The airline industry is in turmoil about the grounding of the Boeing 787 Dreamliner. The Federal Aviation Administration took pre-emptive action because of fears that the lithium batteries could overheat and cause fires. Although no plane has crashed and no one has died, Dreamliners won’t fly until this problem is resolved.

If only the country paid as much attention to healthcare safety as to aviation safety. Plane crashes have become rare because the airline industry changed its culture to put safety first.

In healthcare, however, patient safety does not get the attention it deserves. Too many patients die every day from avoidable mistakes. Some experts estimate that the death count is equivalent to three jumbo jets crashing every day. Because TV cameras do not capture the carnage of healthcare errors, the problem is invisible.

It shouldn’t be. A study published in the medical journal Surgery (online, Dec. 17, 2012) analyzed so-called “never events”–things that are never supposed to happen, like an operation on the wrong body part or the wrong patient. Leaving an instrument in the patient at the close of an operation is another type of never event.

The authors analyzed malpractice cases between 1990 and 2010. They concluded, “Surgical never events are costly to the health care system and are associated with serious harm to patients.”

It seems to us that 21st century hospitals should have systems in place to prevent such mistakes. Some do; nevertheless roughly 40 times a week in the U.S. a sponge or a towel is left inside a patient. About 20 times a week the wrong side or the wrong body part is operated on. And the wrong operation is performed about as often. At least 4,000 never events occur in the U.S. each year. That is just the tip of the iceberg. Many such events don’t make it to a malpractice case.

One reason is that medical errors aren’t often disclosed. There is no mandatory reporting system and voluntary reporting falls short. A recent study of medication error reporting in hospitals concluded that, “When errors occur, patients and their caregivers are rarely informed.” (Critical Care Medicine, Feb., 2012).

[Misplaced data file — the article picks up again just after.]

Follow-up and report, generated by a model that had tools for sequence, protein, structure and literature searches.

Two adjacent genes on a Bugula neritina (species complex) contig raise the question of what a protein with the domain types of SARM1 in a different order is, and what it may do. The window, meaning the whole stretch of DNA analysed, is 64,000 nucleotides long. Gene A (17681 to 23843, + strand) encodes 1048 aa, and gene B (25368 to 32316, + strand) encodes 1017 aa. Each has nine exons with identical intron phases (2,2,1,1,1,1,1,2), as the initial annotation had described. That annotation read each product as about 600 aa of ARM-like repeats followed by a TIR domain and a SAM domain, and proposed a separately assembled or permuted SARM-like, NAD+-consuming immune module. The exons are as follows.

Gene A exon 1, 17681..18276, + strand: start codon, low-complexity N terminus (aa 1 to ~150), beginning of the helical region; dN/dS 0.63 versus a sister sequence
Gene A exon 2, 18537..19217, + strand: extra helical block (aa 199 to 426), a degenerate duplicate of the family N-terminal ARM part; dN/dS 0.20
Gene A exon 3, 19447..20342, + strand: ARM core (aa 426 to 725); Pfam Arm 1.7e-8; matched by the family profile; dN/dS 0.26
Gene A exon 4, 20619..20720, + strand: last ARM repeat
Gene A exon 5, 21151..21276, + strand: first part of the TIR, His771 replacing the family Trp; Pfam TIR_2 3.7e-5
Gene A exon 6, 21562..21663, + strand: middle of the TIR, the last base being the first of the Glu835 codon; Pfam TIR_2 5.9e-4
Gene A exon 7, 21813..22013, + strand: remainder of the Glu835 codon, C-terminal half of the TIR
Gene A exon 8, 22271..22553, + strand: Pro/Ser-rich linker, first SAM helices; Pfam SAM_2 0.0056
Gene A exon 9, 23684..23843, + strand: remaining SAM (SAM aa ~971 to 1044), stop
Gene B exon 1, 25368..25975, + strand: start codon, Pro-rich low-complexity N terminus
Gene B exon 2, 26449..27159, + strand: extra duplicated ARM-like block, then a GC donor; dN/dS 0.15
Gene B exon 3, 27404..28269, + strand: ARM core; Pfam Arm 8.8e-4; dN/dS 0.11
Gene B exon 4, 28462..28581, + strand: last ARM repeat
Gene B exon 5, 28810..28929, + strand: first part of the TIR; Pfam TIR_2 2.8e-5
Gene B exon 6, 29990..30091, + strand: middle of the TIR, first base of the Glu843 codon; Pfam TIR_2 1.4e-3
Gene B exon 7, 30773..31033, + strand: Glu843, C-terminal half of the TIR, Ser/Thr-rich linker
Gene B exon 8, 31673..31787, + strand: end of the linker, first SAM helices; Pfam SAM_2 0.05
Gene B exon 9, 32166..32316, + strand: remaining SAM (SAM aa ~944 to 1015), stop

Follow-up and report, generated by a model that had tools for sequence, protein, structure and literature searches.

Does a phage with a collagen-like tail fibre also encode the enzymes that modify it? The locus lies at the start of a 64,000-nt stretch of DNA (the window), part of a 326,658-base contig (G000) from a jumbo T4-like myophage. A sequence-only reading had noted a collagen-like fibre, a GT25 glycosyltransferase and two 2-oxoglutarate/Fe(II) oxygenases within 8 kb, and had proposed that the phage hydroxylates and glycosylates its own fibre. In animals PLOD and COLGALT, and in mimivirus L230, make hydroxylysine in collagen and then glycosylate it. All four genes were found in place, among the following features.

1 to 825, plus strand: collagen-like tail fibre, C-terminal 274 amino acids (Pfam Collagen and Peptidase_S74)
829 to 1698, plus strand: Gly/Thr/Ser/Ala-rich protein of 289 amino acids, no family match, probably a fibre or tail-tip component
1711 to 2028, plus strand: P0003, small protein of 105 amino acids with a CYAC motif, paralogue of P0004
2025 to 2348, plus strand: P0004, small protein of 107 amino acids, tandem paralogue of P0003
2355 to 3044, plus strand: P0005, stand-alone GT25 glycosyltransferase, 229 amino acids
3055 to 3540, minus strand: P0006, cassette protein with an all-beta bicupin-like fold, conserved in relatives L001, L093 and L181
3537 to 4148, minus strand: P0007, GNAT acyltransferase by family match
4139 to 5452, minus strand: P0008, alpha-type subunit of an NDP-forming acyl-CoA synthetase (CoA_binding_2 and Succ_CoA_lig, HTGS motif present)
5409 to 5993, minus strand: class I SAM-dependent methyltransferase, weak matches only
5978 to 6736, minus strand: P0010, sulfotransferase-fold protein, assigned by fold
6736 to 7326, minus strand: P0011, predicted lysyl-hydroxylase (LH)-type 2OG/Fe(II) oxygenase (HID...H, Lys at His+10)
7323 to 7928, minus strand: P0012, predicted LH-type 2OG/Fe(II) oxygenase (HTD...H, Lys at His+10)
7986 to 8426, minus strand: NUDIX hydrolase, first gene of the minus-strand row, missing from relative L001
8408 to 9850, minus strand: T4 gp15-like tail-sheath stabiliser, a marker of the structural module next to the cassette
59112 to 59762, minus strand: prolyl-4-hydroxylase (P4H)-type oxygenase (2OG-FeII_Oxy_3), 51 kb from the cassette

Most hospitals have an official policy encouraging physicians and other health care providers to tell patients and families about errors. But in this recent study, barely two percent of medication mistakes were revealed.

If a pilot makes an error or has a “near miss,” that must be reported immediately. Such events are used by the entire industry to avoid similar problems and improve aviation safety. Healthcare has no similar system so mistakes are repeated in hospitals around the country.

This is why patients and their families must be on guard against likely errors, whether in the doctor’s office or the operating suite. To learn more about how to protect your loved ones, you may want to read our book Top Screwups Doctors Make and How to Avoid Them.

Patient vigilance can go only so far. We look forward to the day when going to the hospital will be as safe as getting on a plane.

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  1. Phil

    I really respect the work that L&D nurses do, and I understand that some of what is captured on video might “look” bad, but I am really skeptical of any policy that precludes families from videotaping their own delivery. We see a lot of deliveries these days on TLC and Discovery etc and those doctors seem fine with having their care showcased. I appreciate that no one wants to have their mistakes captured on videotape, but in keeping with the thrust of the article, I think video is a sort of black box for medical procedures. We can look back if there are problems–and look forward if there are none.

  2. VFC

    As a long time L&D nurse I very much agree with the no video ban. The father is only concentrating on his videography and is not really participating emotionally in the birth.
    Also so much of what occurs immediately/during a birth looks awful when in reality it is totally normal. In today’s world we all expect perfect babies and that is not the reality-God did not promise us perfect babies. Then these videos show up in court which is guaranteed to sway the jury’s opinion on blame. Besides a video never lives up to the wonder of the real event.

  3. Phil

    We wanted to videotape the birth of our children, but the hospital had a formal policy against videotaping. Shouldn’t patients be allowed to document the healthcare they get?

  4. p murphy

    I just saw the documentary film “Escape Fire: The Fight to Rescue American Healthcare” and highly recommend it. It brings up a lot of the issues that you talk about on your show and also offers some solutions. Everyone should see this movie and get involved! Visit for more info and screenings in your area. (I believe there are 2 this week in NC)
    PEOPLE’S PHARMACY RESPONSE: You will see many experts in the movie that you have already hear on The People’s Pharmacy. Well worth seeing!

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